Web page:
Most of Donald Trump’s public statements include the rote declaration that Obamacare is a disaster. This is true, of course, but it doesn’t tell us anything new. It’s only when he starts elaborating on his objections that one gets a sense of what he believes, and he doesn’t talk like a friend of the free market. During last week’s Republican debate, for example, he was asked about his past praise of single-payer health care and replied, “As far as single-payer, it works in Canada, works incredibly well in Scotland.” This answer was both antithetical to free-market thinking and profoundly ignorant.
His praise of Scotland’s system, for example, demonstrated that he is unaware of its role in creating one of the UK’s worst public health disasters. It works so “incredibly well” that tens of thousands received contaminated blood transfusions over two decades, resulting in at least 2,000 deaths and countless Hepatitis and HIV infections. Last spring, the Scottish Health Secretary found herself desperately trying to mollify an outraged public after a dilatory and unnecessarily protracted government inquiry produced widespread charges of “whitewash” by offering one generic recommendation.
As to Canada, it’s abundantly clear that Trump has never heard of the Naylor report, released last month by a blue ribbon panel led by a former president of Toronto University. To give you the general flavor of the report, it uses the term “arrested development” to describe the Canadian single-payer system: “Patients told us about limited access to a variety of services.… They also observed that the narrow scope of Medicare [the name of their national system] led to large out-of-pocket expenses for many Canadians, particularly those without work-related private health insurance plans.”
That’s right. One of the single-payer systems praised by “the Donald” works so poorly that its patients must buy private health insurance to get decent medical treatment. And yet Trump reserves some of his worst verbal abuse for the free market providers of such coverage. As he put it during the debate, “I have a big company with thousands and thousands of employees and if I’m negotiating in New York or New Jersey or California, I have, like, one bidder. Nobody can bid. You know why? The insurance companies are making a fortune because they have control of the politicians.”
If Trump’s rant seems confusing, it’s because he’s confused about his topic. The point he’s groping for involves the inability of some companies to buy insurance across state lines. But he has failed to do his homework. As John Merline writes at Investor’s Business Daily, “What Trump apparently doesn’t know is that companies like his typically provide insurance benefits under ERISA, which allows multistate firms to offer uniform health benefits to workers, wherever they live.” In other words, Trump doesn’t know how the insurance market works, even for his own business.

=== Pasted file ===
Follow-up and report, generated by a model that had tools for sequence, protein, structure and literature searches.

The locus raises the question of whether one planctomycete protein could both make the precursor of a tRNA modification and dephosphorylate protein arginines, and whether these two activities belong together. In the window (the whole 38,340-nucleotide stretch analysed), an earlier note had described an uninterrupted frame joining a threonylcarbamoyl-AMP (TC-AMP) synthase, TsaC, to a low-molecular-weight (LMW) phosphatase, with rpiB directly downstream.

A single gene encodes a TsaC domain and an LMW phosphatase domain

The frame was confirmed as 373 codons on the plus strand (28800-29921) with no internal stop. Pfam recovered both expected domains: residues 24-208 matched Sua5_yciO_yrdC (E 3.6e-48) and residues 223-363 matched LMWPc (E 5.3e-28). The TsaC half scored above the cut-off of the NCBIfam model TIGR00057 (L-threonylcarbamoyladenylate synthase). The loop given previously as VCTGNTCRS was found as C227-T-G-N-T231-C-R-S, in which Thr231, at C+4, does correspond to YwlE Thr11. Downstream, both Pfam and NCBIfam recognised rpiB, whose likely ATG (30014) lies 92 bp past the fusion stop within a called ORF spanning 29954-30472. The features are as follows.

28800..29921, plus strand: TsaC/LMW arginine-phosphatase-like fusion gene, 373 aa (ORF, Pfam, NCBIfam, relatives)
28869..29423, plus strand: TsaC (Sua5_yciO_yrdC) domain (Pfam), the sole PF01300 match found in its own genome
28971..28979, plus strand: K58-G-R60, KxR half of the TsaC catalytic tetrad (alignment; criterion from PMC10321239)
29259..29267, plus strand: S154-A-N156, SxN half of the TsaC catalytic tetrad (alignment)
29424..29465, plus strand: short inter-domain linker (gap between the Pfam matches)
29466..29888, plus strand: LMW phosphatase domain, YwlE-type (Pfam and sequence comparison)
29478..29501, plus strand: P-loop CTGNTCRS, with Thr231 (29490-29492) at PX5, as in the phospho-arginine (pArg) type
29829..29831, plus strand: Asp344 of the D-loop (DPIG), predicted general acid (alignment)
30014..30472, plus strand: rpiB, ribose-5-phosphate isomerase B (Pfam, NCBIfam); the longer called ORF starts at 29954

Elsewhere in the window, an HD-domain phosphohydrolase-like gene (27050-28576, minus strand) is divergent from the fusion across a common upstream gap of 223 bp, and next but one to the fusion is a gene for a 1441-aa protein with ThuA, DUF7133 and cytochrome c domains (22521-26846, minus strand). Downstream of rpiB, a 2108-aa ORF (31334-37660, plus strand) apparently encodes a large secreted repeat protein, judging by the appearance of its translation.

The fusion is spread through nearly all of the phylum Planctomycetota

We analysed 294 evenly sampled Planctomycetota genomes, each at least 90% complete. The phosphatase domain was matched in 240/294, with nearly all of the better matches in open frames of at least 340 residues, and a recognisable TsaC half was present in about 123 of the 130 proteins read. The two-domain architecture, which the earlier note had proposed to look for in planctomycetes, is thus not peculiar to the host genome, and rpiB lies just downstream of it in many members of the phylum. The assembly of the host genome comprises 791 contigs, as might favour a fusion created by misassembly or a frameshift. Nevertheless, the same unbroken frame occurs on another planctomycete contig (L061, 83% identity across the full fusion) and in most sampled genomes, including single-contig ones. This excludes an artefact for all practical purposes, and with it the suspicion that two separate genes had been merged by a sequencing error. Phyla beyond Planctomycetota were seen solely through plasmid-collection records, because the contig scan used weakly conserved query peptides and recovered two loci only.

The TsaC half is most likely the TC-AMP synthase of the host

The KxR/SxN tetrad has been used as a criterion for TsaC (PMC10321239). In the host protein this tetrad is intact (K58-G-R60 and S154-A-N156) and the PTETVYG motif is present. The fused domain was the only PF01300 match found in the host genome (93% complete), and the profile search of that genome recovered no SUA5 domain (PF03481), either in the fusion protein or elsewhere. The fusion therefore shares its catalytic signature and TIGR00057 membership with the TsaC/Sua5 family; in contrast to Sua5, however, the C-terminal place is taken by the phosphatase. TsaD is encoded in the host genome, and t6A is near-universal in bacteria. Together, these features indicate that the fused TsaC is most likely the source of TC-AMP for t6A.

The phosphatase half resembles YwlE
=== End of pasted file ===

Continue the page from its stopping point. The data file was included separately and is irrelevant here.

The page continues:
That isn’t the only worrisome feature of his insurance comments. When Trump goes on a rant about insurer profits in response to a question about Obamacare, he is channeling single payer advocacy groups like Physicians for a National Health Program (PNHP). This post at the PNHP blog, for example, registers much the same complaint: “One can argue that the private insurance industry should be regarded as obsolete.… However, the ACA has extended its life.” And what is the author’s primary indictment against insurance companies? “Private health insurers are all about making money.”
The problem here, if it’s not obvious, is that “the Donald’s” instinctive reaction to Obamacare is not that of a conservative. When genuine conservatives think about Obamacare, they think about its dubious constitutionality, its dramatic expansion of government, its abuse of individual liberty, its attack on religious freedom, its interference with the doctor-patient relationship, its government-imposed rationing, its illegal use of federal funds for abortion, ad infinitum. People whose first reaction to a question about Obamacare is to denounce the insurance industry are called Democrats.
Which brings us to Trump’s political “evolution.” He likes to compare himself to Ronald Reagan, who was once a Democrat, in this regard. However, as the New York Times points out, “In his 1987 book ‘The Art of the Deal,’ Mr. Trump grouped Mr. Reagan with former President Jimmy Carter among leaders… who ‘don’t deliver the goods.’” And “the Donald’s” political trajectory has been remarkably erratic “He … registered in New York first as a Republican, then a member of the Independence Party, then a Democrat, then a Republican again, and then became unaffiliated.”
Will Trump be this erratic on Obamacare? Well, oddly enough, health care is one of the few things about which he has been consistent. He wrote fifteen years ago that he was for single-payer health care and he sang its praises again during the recent GOP debate. We should take Trump at his word. He may sincerely want to get rid of Obamacare, but he’s no friend of free market health care.
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